Can older buildings go green?

By Tracey Arial

Canadian builders who retrofit existing properties find it next to impossible to be certified for their environmental efforts.

Why is it more environmentally sustainable to rip down a building and build a new one?” asks Natalie Voland, the president of Gestion immobilière Quo Vadis and a board member with the Quarter de l’innovation. “Sure, it’s good for energy use, but that’s not all there is to an environmental footprint. When you rip down a building, you put all the garbage in a landfill. Three parts of the environmental movement are reuse, reduce and recycle, so shouldn’t we be reusing some of these old buildings?”

Voland brought her concerns to the Building Research Establishment Environmental Assessment Method (BREEAM)recently.

It’s just not possible to pay for the infrastructure upgrade on an old building with lofts,” she said. “For me to get a LEED certification, I would have to change my entire mechanical system.”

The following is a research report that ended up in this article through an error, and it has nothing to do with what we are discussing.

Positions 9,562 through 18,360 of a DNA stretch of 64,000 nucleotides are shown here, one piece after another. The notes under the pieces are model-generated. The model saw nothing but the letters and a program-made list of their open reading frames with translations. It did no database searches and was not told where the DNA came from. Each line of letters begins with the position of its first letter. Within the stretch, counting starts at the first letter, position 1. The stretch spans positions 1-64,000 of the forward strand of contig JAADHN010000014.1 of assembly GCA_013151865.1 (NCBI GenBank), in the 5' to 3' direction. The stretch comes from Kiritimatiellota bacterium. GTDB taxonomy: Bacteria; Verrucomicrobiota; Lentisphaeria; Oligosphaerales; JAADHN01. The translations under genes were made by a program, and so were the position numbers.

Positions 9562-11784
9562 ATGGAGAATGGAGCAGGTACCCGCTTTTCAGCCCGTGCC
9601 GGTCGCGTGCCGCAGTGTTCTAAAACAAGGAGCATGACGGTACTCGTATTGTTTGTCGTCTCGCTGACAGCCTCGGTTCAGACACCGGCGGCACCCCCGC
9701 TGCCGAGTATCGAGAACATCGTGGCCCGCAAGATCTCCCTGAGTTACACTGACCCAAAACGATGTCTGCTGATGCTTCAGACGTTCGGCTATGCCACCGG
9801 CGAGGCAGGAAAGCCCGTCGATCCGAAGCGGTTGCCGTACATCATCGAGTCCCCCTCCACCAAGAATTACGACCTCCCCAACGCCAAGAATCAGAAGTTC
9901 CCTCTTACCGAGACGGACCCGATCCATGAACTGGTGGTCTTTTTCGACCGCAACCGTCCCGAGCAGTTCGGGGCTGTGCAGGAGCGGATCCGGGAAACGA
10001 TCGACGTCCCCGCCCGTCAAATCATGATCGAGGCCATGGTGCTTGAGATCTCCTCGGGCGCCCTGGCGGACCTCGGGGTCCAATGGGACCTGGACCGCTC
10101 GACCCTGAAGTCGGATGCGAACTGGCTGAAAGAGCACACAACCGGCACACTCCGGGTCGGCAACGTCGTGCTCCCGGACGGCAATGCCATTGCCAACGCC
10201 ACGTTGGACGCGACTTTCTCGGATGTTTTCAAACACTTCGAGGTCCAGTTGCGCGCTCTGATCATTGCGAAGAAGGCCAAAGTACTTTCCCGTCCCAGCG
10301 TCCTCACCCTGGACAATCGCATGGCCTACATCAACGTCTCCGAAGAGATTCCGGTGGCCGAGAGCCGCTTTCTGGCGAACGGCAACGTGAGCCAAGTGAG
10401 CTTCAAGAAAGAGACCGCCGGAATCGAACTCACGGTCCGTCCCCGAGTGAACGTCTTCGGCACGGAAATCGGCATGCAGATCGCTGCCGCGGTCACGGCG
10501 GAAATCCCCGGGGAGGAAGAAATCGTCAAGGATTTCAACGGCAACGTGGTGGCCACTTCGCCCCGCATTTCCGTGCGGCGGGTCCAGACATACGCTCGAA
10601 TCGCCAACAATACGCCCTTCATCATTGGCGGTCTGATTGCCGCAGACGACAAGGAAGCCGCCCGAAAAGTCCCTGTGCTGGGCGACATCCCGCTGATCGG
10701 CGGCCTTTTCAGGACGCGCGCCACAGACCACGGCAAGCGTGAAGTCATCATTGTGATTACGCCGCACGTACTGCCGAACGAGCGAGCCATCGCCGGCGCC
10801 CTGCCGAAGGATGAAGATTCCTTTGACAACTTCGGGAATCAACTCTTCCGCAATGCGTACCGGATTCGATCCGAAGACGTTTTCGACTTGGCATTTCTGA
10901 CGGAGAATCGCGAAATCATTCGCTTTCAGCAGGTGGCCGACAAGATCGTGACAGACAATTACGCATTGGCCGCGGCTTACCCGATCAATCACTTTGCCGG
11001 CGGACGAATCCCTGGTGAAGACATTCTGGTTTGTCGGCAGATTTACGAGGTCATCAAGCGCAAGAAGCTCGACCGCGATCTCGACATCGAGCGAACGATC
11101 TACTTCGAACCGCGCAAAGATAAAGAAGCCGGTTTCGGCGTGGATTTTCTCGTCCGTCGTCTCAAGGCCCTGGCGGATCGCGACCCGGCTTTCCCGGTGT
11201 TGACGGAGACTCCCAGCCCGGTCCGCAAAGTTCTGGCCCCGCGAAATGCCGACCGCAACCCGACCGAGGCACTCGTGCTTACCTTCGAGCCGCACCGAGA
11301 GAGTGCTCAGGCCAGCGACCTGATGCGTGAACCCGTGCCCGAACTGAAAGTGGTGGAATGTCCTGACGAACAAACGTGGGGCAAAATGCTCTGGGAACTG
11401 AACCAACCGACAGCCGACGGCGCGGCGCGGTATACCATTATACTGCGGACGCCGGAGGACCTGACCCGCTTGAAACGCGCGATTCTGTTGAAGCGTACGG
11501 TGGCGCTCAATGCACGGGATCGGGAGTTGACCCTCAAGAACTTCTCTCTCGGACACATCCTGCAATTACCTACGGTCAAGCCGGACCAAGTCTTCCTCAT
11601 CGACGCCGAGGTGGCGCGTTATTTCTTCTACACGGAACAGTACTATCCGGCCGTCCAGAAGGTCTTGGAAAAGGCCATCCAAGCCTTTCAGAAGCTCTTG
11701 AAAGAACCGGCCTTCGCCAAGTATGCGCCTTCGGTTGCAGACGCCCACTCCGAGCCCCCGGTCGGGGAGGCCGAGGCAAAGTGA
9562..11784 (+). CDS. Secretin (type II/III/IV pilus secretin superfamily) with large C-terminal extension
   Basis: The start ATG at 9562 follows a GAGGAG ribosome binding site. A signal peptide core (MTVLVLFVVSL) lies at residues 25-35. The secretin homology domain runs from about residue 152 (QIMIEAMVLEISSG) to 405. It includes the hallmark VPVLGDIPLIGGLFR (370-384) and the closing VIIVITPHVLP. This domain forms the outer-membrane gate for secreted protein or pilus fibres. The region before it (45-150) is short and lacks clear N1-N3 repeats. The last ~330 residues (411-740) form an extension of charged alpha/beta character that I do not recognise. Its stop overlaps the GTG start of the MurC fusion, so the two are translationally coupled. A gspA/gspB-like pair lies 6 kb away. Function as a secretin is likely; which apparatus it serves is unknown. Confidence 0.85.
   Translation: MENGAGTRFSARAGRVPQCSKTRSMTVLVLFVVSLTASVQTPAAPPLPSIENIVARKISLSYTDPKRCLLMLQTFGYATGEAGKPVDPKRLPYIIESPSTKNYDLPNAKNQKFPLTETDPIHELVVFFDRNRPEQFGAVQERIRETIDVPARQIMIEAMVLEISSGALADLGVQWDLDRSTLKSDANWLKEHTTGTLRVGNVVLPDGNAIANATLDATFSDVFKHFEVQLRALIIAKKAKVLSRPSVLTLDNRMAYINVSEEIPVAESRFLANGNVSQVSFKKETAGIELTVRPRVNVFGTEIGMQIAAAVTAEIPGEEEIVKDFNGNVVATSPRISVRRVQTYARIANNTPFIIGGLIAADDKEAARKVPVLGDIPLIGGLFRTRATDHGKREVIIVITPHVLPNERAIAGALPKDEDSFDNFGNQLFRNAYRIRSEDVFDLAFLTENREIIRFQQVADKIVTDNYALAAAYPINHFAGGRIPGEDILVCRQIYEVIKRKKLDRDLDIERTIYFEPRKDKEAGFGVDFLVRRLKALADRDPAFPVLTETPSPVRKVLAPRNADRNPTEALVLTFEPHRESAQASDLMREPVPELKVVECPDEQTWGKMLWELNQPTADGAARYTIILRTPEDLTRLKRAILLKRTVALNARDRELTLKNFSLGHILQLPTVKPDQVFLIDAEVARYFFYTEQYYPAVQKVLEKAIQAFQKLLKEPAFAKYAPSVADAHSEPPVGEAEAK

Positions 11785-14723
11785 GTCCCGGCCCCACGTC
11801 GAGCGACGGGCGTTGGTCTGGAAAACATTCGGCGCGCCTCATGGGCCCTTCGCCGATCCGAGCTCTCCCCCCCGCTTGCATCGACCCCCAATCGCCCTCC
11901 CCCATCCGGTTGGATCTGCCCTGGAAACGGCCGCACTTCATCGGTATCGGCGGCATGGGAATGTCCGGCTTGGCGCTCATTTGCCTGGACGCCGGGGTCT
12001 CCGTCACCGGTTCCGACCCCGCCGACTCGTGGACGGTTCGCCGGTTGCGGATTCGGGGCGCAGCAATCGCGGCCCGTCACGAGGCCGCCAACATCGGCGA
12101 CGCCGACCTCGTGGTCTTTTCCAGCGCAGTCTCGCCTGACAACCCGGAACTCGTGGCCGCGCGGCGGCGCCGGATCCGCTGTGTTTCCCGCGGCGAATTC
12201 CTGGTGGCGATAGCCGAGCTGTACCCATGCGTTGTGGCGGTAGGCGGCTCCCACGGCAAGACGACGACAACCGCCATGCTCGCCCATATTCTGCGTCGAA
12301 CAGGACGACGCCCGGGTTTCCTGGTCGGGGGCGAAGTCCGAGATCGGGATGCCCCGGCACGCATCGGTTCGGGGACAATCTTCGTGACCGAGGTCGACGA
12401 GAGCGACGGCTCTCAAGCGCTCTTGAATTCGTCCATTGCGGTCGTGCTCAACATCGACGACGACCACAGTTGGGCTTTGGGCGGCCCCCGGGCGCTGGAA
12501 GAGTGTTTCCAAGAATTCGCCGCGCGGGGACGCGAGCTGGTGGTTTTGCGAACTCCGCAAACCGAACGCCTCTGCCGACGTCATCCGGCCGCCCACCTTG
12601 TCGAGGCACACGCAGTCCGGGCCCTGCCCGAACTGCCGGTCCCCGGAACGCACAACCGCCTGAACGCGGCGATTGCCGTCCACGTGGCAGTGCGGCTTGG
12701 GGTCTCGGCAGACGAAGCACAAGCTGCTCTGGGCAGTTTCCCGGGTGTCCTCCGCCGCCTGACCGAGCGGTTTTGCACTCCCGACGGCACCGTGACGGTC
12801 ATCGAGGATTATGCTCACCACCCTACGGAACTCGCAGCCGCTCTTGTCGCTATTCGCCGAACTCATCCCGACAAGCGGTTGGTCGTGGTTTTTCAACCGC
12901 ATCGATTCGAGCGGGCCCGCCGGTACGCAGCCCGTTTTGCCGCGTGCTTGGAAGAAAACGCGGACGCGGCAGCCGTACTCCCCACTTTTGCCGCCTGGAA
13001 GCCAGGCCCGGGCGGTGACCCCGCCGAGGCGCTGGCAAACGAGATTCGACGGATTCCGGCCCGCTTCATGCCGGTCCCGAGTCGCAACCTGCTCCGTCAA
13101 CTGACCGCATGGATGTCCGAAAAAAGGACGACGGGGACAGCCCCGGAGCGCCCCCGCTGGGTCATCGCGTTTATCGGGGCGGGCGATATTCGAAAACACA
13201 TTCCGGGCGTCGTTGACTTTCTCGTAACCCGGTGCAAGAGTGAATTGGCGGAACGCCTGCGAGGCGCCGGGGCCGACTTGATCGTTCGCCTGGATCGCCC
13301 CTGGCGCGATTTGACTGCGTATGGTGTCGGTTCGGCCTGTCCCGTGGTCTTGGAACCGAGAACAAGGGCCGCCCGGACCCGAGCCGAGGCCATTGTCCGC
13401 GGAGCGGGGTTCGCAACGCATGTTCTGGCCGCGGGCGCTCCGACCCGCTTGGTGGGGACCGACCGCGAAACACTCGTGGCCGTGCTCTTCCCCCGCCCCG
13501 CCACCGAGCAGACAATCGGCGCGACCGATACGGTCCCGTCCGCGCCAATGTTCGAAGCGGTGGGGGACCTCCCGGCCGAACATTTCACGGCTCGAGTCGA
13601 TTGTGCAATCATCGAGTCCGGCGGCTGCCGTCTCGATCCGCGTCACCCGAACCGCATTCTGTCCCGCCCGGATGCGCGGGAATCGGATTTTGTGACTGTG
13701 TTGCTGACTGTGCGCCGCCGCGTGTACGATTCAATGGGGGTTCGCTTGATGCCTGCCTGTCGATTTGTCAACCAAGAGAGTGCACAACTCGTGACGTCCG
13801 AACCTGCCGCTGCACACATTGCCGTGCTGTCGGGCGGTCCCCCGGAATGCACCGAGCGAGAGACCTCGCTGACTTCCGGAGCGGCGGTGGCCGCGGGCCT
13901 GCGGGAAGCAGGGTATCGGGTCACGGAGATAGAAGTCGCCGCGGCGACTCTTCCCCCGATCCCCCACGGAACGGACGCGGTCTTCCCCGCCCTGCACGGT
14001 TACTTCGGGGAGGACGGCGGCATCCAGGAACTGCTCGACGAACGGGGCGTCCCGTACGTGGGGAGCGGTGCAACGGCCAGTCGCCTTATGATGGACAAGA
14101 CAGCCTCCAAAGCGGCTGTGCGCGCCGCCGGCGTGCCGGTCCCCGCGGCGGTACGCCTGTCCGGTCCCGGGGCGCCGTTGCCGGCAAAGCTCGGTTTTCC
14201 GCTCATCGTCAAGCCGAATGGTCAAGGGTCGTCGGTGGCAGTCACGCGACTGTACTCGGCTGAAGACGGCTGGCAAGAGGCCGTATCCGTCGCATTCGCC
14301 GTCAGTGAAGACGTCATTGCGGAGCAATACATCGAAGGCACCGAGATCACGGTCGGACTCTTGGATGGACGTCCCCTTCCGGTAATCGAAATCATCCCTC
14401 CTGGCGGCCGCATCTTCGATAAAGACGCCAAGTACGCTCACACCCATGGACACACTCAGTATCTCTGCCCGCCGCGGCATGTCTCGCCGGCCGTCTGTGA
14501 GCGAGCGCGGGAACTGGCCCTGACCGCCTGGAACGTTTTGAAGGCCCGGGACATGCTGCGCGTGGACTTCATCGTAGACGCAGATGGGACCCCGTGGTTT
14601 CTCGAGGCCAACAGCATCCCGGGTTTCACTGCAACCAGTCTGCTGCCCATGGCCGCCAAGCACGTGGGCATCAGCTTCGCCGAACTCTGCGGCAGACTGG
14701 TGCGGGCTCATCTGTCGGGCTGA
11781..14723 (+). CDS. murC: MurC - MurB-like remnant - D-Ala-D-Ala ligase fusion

Voland once considered replacing an old steam heating system that made rooms either too cold or too hot with a new heating system, but found that it was too expensive. Instead, she hired engineer after engineer to figure out how to make the old system operate properly so that rooms could be climate controlled. It took months to figure out, but she finally did it.

Despite her success, there was no easy way to market the benefit with potential tenants.

The BREEAM representative told her that his organization might offer three types of credits for the project. Environmental credits could be attained for good waste management because she avoided throwing out all the plumbing and kept the original brick facia. Coming up with a way to make the existing system work better would get an innovation credit.

He also told her about the organization’s testing facilities so that building owners get updated information about good materials for retrofitting old buildings.

Voland says that BREEAM isn’t well known in Canada yet—only one building in Toronto currently holds BREEAM certification—but she expects that to change soon.

I’m very excited because it looks like we’re moving forward on something that works for us but that will work for others too.”

Note: This report appeared on page 32 of the Spring 2014 issue of Canadian Real Estate Magazine.

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